In a future where the polar ice-caps have melted and Earth is almost entirely submerged, a mutated mariner fights starvation and outlaw "smokers," and reluctantly helps a woman and a young girl try to find dry land.
The real Wyatt Earp's 6-shooter was loaned by the Earp museum and used in some scenes during a number of close-ups. See more »
When the workmen are laying track for the railroad, a rail is dropped into place using rail tongs, then 2 workmen immediately begin hammering in the spikes. No one tries to measure or position the rail properly before attaching it to the tie. Plus, the end of the rail is right at the edge of the tie they are nailing it to, meaning the end of the next rail placed would be unsupported. See more »
Mister, I've been in a really bad mood for the last few years, so I'd appreciate it if you'd just leave me alone.
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"Wyat Earp" had the misfortune to be released not long after the classic "Tombstone," which told the same story. Nevertheless, "Wyat Earp" is a laudable effort and well worth the time to sit through its three hours and fifteen minutes running time.
The performances were uniformly good, with a skeletal Dennis Quade particularly fine as the doomed Doc Holliday. In fact, I thought that Quade's funny and moving performance as Doc Holliday was in the same class as Val Kilmer's portrayal of the same character in "Tombstone." The women playing the Earp wives, Catherine O'Hara, JoBeth Williams, Mare Winningham, and Betty Buckley, were also very effective. The beautiful Joanna Going was a pleasure to watch as Josie Marcus, the woman who Wyat Earp spent the last 47 years of his life with. Unfortunately, her acting skills did not match her beauty.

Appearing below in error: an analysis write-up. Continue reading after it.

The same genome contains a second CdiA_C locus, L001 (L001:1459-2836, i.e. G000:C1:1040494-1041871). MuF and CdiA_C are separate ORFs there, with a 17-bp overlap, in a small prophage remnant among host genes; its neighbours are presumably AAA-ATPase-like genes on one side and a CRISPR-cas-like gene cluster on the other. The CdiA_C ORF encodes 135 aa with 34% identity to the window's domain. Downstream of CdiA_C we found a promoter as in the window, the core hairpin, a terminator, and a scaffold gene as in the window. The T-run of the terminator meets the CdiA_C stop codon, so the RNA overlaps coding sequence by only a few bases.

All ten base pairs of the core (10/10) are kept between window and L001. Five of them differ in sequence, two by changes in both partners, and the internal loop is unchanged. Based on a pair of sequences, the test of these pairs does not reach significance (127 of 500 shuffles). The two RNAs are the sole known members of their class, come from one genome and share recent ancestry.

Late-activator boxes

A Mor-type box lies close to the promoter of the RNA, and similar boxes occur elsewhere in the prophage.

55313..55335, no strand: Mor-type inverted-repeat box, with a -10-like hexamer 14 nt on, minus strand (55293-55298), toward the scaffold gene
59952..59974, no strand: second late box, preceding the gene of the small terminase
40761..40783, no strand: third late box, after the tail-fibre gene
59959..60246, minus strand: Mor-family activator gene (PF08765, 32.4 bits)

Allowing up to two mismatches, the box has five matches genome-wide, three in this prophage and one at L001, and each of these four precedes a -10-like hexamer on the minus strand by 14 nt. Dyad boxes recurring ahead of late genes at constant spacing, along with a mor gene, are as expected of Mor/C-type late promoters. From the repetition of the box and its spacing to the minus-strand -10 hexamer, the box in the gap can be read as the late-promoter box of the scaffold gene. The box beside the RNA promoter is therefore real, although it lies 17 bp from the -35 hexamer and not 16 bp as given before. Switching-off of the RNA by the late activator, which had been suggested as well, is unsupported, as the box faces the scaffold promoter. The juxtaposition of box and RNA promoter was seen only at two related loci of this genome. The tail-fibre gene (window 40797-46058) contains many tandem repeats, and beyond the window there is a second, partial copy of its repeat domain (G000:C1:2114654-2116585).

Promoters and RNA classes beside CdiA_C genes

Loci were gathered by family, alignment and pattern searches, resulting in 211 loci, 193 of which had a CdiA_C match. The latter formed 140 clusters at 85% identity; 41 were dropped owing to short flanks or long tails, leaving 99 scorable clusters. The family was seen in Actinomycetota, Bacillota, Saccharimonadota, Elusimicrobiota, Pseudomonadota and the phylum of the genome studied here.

The thing that makes the film rise above the mediocre to me is its stunning visual and aural beauty. Its 5.1 Dolby Digital soundtrack is world class, and its outdoor photography is evocative.
Recommended, 7 out of 10.
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